Kids, these days!!! Back in my day, we rode bikes with 3 chainrings...in the snow...uphill both ways!!
You forgot barefoot...
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Old 09-06-23, 10:15 AM
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Originally Posted by pdlamb
You forgot barefoot...
I'm not that old. I'm "toeclips-and-straps" old, or from the "pre-clipless era", if you prefer.
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Old 09-06-23, 01:39 PM
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It really comes down to whether 11 speeds are enough in a particular situation. Off the pavement it is clearly enough for the great majority of riders and this is reflected in how the bikes are fitted out by the manufacturers.

One thing that greatly changed my use of the gears on my road bikes is the advent of brake shifter levers. I make twice as many shifts, in particular on hilly terrain, as I did on bikes with downtube shifters. I make far fewer shifts on my mountain bikes on the trails.
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Old 09-06-23, 02:04 PM
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Originally Posted by Calsun
It really comes down to whether 11 speeds are enough in a particular situation. Off the pavement it is clearly enough for the great majority of riders and this is reflected in how the bikes are fitted out by the manufacturers.
It seems weird to have to point out in this thread that 12 speed drivetrains are a thing.
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Old 09-06-23, 10:48 PM
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13 speed is also a thing,,,,, Campagnolo
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Old 09-07-23, 04:06 AM
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My 1x11 cyclocross bike dubbs as my backup road bike.

Simple solution - two rear cassettes. I have a broad range cassette for punchy gravel rides and single track, and a tight range cassette for road rides.

It takes 10 min max to change cassettes.
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Old 09-07-23, 09:48 AM
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A 3x solves all these problems, but I'm old and afraid of change.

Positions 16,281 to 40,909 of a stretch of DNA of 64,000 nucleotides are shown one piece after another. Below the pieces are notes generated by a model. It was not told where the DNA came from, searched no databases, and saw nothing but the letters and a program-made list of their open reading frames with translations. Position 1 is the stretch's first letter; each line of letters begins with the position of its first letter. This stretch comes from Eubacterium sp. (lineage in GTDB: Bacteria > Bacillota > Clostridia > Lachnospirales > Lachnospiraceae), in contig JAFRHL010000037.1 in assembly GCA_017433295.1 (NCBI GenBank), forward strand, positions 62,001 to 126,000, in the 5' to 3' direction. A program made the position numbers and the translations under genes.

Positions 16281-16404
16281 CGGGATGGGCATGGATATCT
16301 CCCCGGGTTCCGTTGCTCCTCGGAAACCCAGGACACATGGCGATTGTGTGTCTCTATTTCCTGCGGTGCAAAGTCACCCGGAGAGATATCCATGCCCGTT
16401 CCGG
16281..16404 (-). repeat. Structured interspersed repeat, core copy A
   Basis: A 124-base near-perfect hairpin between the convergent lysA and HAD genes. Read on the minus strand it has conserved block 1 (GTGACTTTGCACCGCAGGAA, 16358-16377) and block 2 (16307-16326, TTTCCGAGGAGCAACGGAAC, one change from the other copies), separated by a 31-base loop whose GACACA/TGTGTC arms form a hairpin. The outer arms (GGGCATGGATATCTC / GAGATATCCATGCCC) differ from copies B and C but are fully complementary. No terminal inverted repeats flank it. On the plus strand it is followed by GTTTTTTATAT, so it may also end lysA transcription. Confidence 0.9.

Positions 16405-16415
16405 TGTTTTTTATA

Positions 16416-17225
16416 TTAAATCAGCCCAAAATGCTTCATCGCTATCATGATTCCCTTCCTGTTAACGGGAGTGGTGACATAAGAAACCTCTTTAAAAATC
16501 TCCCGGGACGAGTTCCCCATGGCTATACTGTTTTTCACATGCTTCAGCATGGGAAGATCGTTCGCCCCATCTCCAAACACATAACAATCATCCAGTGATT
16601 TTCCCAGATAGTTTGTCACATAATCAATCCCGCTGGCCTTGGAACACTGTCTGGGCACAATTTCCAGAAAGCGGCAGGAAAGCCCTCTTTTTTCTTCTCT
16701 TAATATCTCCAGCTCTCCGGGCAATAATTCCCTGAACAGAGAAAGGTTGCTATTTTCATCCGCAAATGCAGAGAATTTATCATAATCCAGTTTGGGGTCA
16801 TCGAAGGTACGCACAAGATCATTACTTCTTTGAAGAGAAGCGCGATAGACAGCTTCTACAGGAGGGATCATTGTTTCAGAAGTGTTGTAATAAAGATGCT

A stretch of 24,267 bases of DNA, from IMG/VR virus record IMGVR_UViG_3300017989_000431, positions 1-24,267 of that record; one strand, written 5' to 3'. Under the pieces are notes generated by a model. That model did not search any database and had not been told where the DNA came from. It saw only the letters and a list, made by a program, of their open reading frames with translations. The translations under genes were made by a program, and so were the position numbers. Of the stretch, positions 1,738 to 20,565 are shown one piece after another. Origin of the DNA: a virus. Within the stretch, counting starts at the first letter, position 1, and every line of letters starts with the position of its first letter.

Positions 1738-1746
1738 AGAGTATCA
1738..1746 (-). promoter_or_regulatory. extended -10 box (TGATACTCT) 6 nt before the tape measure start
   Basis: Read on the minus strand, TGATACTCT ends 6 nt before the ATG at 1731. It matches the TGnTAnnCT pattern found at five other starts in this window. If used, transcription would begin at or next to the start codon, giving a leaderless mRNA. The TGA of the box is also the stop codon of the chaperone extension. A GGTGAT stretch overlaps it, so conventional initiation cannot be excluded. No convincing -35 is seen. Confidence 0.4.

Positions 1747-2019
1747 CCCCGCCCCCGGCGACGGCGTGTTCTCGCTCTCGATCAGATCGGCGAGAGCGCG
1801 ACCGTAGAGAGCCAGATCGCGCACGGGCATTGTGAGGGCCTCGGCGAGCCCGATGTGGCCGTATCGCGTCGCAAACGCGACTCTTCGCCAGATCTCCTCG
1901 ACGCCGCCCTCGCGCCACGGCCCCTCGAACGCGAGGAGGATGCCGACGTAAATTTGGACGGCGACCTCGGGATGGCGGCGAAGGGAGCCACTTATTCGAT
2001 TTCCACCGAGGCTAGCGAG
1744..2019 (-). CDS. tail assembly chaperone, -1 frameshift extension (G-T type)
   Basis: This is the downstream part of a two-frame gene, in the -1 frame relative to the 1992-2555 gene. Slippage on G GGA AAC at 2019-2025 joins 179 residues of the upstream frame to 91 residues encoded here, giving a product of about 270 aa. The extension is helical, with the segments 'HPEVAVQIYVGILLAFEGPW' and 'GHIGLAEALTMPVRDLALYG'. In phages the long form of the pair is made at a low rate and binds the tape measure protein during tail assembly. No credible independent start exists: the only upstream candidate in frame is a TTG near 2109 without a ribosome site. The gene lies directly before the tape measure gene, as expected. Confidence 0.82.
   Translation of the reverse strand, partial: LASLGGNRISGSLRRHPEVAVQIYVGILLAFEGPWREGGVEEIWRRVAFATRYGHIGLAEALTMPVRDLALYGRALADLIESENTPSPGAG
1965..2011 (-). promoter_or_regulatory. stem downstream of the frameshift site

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Old 09-07-23, 05:21 PM
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Originally Posted by Canker
13 speed is also a thing,,,,, Campagnolo
Yes - if you don't need massive range and you want to go 1x, this is the best choice.
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Old 09-08-23, 10:42 AM
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All the gearing comments are relevant but also consider for some bikes the 2X version reduces tire clearance. So think about if you want to max out tire size.

For me if just gravel roads and tarmac id go 2X for the range. Add in some mountain bike est roots and rocks id want 1X.

When I changed from an old Madone to a Domane I had a chance at a Checkpoint SL7. It was 1X SRAM electronic with 37V wheels. Price was a little out of what I wanted to spend. I thought hard about it. The shop had in stock the crank, derailleur and shifter to convert to 2x. I still think it would have been nice to be able to switch back and forth from 1X to 2X. Then a second set of Pro 37 or 51 wheels for road duty. I did get the Pro 51s for the Domane and have gravel tires on the wider OEM wheels for mild gravel.
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Old 09-09-23, 08:54 PM
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Originally Posted by biker128pedal
All the gearing comments are relevant but also consider for some bikes the 2X version reduces tire clearance. So think about if you want to max out tire size.
True.
And this has always been odd to me, since my old gravel bike had 435mm chainstays, could fit a 50mm tires with 2x, and used a 68mm bb shell.
My current geavel bike has 430 chainstays, fits a 2x easily, used a 68mm shell and clears 47mm tires.

Neither use a dropped chainstay, or a chainstay plate, or any other kludge.
Not really sure why some designers seem to shrug and just say 'we could only create clearance for a 42mm tire and 1x is required.'
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Old 09-09-23, 10:11 PM
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I got into the whole 1x with my MTB and still love it there. Not certain the chainring, think its a 30t, but here on Long Island I never use the largest cogs, and riding in CT and Upstate I found I still didn't run out of gears though I'd have to use the 46t to get by. That got me thinking 1x gravel would be good but it ended up just always being a compromise. With a 40t chainring and a wide range cassette I couldn't always make the steepest climbs, long climbs often had be wishing for a better gear half the time, and the top out speed wasn't great. A tighter cassette made climbs harder though long climbs more bearable, while a I couldn't go taller on the chainring even though I wanted to go faster on long downhills without spinning out due to the steep climbs I ran into off island. Add in bikepacking equipment and the situation really deteriorated. Glad to stick with 2x for gravel and road.

Originally Posted by Eric F
Kids, these days!!! Back in my day, we rode bikes with 3 chainrings...in the snow...uphill both ways!!
Which is why you needed that third ring.
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Old 09-10-23, 03:18 AM
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2x or 1x.

Depends on geography , depends on bike. Depends on rider.